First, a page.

It costs Connecticut towns $72 to haul one ton of trash to a landfill. Last year, Hartford produced 109,000 tons. In an effort to curb the capitol’s waste accumulation, Mayor Eddie Perez is launching a new recycling program, and there’s more in it for residents than a healthy planet.
Hartford is allying with RecycleBank, an Internet-based company from New York City that rewards recyclers for giving back to the environment. Through an online points system, residents who recycle will be awarded vouchers for discounts at over 400 local and chain businesses. Stores like Shaw’s Supermarkets, Starbucks, Zales Jewelry, Panera, Sephora and Regal Cinemas, as well as several local shops, participate in the rewards program. According to RecycleBank CEO Ron Gonen, 50 percent of the partner companies are native to Connecticut’s capitol. These include Sisters Restaurant, House of Flora Flower Market and A Little TLC Beauty Shop.
Gonen cofounded the recycling company in 2005, and developed it from a business plan he crafted during a two-year graduate program at Columbia Business School. The initiative, as he saw it, would bolster area ecological efforts while stimulating the economy.
“Our goal at RecycleBank is to ensure that people understand that being environmentally conscious is also smart economics,” he says. “That newspaper you throw in the garbage is going to cost your city money to throw it in a landfill, but if you recycle it, it’s going to save your town money, and it’s going to make a lot of people in other industries money, because they’re going to use that recycled paper to further their own business.”
RecycleBank works to make sure homeowners see some of the incentive, too. For every pound of cans, paper and aluminum deposited in a residence recycling bin, the homeowner receives 2.5 “RecycleBank Points.” For the 5,000 Hartford residents included in the program, 450 RecycleBank Points can be earned each month, with a possible accumulation of 5,400 by the end of the one-year pilot.
Hartford’s new recycling initiative not only involves a homeowner reward incentive, but also a change in the way residential recycling happens. Before the city’s “Go Green, Use Blue” venture with RecycleBank, recycling operated through a dual-stream process. This required residents to separate recyclable paper and cardboard from other items like plastics, steel and aluminum. With the RecycleBank program, all recyclable materials can be deposited into a single place.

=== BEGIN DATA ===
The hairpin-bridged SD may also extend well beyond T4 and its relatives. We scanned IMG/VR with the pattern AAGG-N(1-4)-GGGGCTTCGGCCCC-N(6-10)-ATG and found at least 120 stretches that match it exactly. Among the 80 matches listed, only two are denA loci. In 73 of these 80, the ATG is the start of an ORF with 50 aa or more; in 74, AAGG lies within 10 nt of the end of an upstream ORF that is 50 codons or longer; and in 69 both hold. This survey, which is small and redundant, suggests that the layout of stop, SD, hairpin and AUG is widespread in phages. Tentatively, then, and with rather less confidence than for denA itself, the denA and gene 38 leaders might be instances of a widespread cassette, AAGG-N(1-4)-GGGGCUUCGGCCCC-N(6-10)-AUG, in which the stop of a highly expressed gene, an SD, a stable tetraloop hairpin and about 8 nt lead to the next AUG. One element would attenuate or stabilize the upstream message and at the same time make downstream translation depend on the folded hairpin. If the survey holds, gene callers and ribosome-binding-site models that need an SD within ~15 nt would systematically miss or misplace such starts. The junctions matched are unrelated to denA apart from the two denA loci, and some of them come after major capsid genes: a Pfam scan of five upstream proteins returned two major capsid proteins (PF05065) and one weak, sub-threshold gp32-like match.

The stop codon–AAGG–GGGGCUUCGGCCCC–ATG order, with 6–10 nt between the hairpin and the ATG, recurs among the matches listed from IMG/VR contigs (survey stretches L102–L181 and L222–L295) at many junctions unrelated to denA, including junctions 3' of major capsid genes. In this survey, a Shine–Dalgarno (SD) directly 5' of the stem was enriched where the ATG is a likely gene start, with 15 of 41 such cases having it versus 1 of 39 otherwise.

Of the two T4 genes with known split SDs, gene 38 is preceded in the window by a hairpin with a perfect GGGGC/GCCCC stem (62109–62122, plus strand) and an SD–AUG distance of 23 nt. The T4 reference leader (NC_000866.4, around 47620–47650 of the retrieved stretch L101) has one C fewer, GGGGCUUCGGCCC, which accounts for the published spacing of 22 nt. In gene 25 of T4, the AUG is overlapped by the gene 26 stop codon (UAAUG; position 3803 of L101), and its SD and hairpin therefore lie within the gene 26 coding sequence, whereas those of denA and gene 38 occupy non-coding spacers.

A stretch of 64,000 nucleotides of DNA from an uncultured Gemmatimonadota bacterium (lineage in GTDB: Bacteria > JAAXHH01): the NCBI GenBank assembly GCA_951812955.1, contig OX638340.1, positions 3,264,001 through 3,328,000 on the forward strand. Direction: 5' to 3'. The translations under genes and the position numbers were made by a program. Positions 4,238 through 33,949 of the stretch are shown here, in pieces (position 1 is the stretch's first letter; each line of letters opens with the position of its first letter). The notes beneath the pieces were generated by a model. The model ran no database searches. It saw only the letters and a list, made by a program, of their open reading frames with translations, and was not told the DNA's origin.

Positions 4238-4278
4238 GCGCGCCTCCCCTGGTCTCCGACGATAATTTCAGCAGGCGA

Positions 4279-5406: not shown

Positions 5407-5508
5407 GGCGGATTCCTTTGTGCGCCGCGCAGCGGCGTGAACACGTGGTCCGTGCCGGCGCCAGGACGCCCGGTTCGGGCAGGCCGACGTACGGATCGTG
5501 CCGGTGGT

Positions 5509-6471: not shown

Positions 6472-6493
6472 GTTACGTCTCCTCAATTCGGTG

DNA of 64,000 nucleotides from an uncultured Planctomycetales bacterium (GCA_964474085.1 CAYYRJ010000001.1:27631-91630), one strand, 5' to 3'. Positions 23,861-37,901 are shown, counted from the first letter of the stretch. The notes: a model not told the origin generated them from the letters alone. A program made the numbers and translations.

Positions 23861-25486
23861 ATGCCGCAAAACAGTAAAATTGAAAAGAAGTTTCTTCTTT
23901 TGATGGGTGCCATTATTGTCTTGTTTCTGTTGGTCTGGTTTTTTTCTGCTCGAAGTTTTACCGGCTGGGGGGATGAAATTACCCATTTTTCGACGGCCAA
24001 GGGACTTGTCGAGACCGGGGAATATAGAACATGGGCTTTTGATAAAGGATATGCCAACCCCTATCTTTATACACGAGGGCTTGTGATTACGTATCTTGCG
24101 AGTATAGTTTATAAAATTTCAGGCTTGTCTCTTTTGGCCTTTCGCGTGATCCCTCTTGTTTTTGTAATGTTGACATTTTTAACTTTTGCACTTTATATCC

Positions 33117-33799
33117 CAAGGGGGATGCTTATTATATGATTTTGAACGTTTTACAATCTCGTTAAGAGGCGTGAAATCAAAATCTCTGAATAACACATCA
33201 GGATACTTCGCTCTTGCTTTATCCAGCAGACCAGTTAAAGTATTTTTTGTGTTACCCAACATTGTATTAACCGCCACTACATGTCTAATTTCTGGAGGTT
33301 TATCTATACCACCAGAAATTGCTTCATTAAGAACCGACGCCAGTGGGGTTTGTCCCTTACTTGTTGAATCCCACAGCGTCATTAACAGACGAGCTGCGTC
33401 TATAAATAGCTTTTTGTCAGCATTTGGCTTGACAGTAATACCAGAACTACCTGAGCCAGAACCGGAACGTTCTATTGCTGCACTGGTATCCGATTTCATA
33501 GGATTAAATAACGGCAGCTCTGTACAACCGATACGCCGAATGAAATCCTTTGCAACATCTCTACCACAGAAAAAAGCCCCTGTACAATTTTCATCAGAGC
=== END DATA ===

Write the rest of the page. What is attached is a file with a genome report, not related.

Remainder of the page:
This change is expected to make a huge difference in the rate of resident compliance. According to Jeff Duvall, senior operations analyst at Connecticut Resource Recovery Authority in Hartford, the switch from dual- to single-stream recycling has created significant recycling increases in other states, especially in urban centers.
“In the big cities, there isn’t a lot of single-family housing,” he says. “So, when you’ve got multiple families living in a single residence, there’s not space to have a bunch of recycling bins for each family to separate their paper from their plastic. Thirty blue bins in front of one house would be a nightmare,” Duvall says, “so people don’t bother as much with recycling.”
By the end of May, each of the 5,000 Hartford residences used during the pilot program will receive a 64-gallon recycling cart in which to deposit their paper, aluminum and #1 and #2 plastics instead of the standard 14-gallon bin. Attached to each “Smart Cart” is a Radio-Frequency Identification Chip (RFIC) that contains residents’ RecycleBank account information used to award points for recycling. On trash collection days, the recycling carts are scanned and weighed right at street curbs. The weights are instantly transferred to homeowners’ RecycleBank online accounts and converted into award point values. Account holders can then redeem their points by “shopping” for store vouchers through RecycleBank.com. Purchased items are sent to account holders through e-mail or regular postal service.